Weird News

Oil prices declined for a fifth consecutive session on Thursday falling around 1% after official data showed a further increase in U.S. crude and fuel inventories, while the ever-present pandemic clouded the prospects for a demand recovery.

By Reuters Staff
TOKYO (Reuters) – Oil prices declined for a fifth consecutive session on Thursday falling around 1% after official data showed a further increase in U.S. crude and fuel inventories, while the ever-present pandemic clouded the prospects for a demand recovery.
FILE PHOTO: Crude oil is dispensed into a bottle in this illustration photo June 1, 2017. REUTERS/Thomas White/Illustration
Brent crude was down 74 cents, or 1.1%, at $67.26 a barrel by 0745 GMT after dropping 0.6% on Wednesday. U.S. oil was also down 65 cents, or 1%, at $63.95 a barrel, having fallen 0.3% the previous session. Both contracts are down around 3% over the last five days of declines.
Government data on Wednesday showed U.S. crude inventories have risen for four straight weeks after refineries in the south were forced to shut due to severe cold weather. An industry report estimating a decline had raised hopes the run of gains might have stopped.
U.S. crude inventories increased by 2.4 million barrels last week, the U.S. Energy Information Administration (EIA) said on Wednesday. That was a day after the American Petroleum Institute (API) on Tuesday estimated a 1 million barrel-decline.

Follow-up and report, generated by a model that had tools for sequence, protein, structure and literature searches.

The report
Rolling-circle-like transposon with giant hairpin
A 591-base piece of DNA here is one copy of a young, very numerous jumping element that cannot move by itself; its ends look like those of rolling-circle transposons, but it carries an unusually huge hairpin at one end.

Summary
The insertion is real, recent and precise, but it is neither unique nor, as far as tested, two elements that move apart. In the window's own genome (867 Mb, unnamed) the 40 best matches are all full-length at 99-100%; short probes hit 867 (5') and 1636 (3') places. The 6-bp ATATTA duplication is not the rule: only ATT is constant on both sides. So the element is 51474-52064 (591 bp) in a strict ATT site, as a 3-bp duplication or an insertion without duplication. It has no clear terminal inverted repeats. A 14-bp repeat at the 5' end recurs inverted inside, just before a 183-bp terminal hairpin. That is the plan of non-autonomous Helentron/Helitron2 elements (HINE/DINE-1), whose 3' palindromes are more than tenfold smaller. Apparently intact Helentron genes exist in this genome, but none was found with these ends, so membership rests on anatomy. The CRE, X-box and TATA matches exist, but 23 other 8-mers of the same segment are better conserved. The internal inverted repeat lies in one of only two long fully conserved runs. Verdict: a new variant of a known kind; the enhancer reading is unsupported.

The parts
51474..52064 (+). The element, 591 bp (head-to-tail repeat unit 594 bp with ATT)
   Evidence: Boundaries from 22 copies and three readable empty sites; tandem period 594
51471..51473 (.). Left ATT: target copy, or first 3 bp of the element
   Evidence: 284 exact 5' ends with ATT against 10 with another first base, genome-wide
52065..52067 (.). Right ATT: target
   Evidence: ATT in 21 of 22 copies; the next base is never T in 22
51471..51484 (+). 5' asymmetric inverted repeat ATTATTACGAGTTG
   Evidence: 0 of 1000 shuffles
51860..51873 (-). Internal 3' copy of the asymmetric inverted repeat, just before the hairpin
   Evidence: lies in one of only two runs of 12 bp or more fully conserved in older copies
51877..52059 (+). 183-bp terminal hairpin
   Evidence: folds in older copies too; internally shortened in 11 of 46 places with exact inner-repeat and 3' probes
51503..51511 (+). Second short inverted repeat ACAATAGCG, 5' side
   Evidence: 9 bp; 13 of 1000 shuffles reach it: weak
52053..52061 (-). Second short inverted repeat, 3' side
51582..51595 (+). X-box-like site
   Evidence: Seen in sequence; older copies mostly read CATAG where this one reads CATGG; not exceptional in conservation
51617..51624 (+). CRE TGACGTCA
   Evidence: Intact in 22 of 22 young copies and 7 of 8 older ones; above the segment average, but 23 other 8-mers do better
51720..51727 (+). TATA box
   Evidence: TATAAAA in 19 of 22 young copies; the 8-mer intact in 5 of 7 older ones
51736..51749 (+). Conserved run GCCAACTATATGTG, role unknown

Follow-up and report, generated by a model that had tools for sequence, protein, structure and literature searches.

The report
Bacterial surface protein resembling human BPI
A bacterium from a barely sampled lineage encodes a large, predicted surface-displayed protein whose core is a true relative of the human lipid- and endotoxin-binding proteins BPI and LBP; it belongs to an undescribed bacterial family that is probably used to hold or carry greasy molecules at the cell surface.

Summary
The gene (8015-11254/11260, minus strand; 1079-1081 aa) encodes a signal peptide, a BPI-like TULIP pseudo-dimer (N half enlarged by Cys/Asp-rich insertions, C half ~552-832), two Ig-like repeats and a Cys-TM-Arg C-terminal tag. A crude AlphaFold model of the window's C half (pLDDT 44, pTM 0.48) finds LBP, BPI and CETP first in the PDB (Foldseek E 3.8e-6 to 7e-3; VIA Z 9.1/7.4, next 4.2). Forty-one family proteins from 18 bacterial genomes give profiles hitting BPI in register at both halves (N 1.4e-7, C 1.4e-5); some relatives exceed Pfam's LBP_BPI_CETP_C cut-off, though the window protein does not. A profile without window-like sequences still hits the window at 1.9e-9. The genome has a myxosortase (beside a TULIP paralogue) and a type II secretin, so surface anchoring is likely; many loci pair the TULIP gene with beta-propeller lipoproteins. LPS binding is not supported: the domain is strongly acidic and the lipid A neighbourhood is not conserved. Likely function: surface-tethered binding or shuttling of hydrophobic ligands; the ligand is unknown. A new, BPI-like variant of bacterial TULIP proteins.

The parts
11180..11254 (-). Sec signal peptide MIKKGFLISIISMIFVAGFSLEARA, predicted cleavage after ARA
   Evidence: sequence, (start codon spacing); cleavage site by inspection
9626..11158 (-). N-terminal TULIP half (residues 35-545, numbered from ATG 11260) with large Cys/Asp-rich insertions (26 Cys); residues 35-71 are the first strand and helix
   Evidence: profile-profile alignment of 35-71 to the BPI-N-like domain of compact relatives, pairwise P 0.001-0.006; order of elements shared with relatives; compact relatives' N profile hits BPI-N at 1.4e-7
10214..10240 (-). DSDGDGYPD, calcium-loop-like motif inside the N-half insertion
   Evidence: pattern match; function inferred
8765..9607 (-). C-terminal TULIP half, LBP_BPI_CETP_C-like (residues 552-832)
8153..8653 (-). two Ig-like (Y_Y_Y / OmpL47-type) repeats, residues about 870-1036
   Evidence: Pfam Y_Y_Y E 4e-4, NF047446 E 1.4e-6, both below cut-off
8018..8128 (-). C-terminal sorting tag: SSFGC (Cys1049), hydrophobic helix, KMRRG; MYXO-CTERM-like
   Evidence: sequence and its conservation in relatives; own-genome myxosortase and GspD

Stocks of gasoline and diesel increased against expectations among analysts for a decline.
U.S. inventory numbers from the EIA were more bearish than the API numbers from the previous day suggested, ING Economics said, noting the stocks totalled more than 500 million barrels for the first time this year.
Refiners continue to bring back capacity after the freezing conditions in February, ING said, adding that throughput rates are still below the average before the cold snap.
On the demand front, a slowdown in some inoculation programmes and the prospect of more restrictions to control the coronavirus tempered expectations for a recovery in fuel use.
A number of European countries have halted use of AstraZenecas COVID-19 vaccine because of concerns about possible side effects.
Germany is also seeing a rise in coronavirus cases, while Italy plans a national lockdown for Easter lockdown and France will introduce tougher restrictions.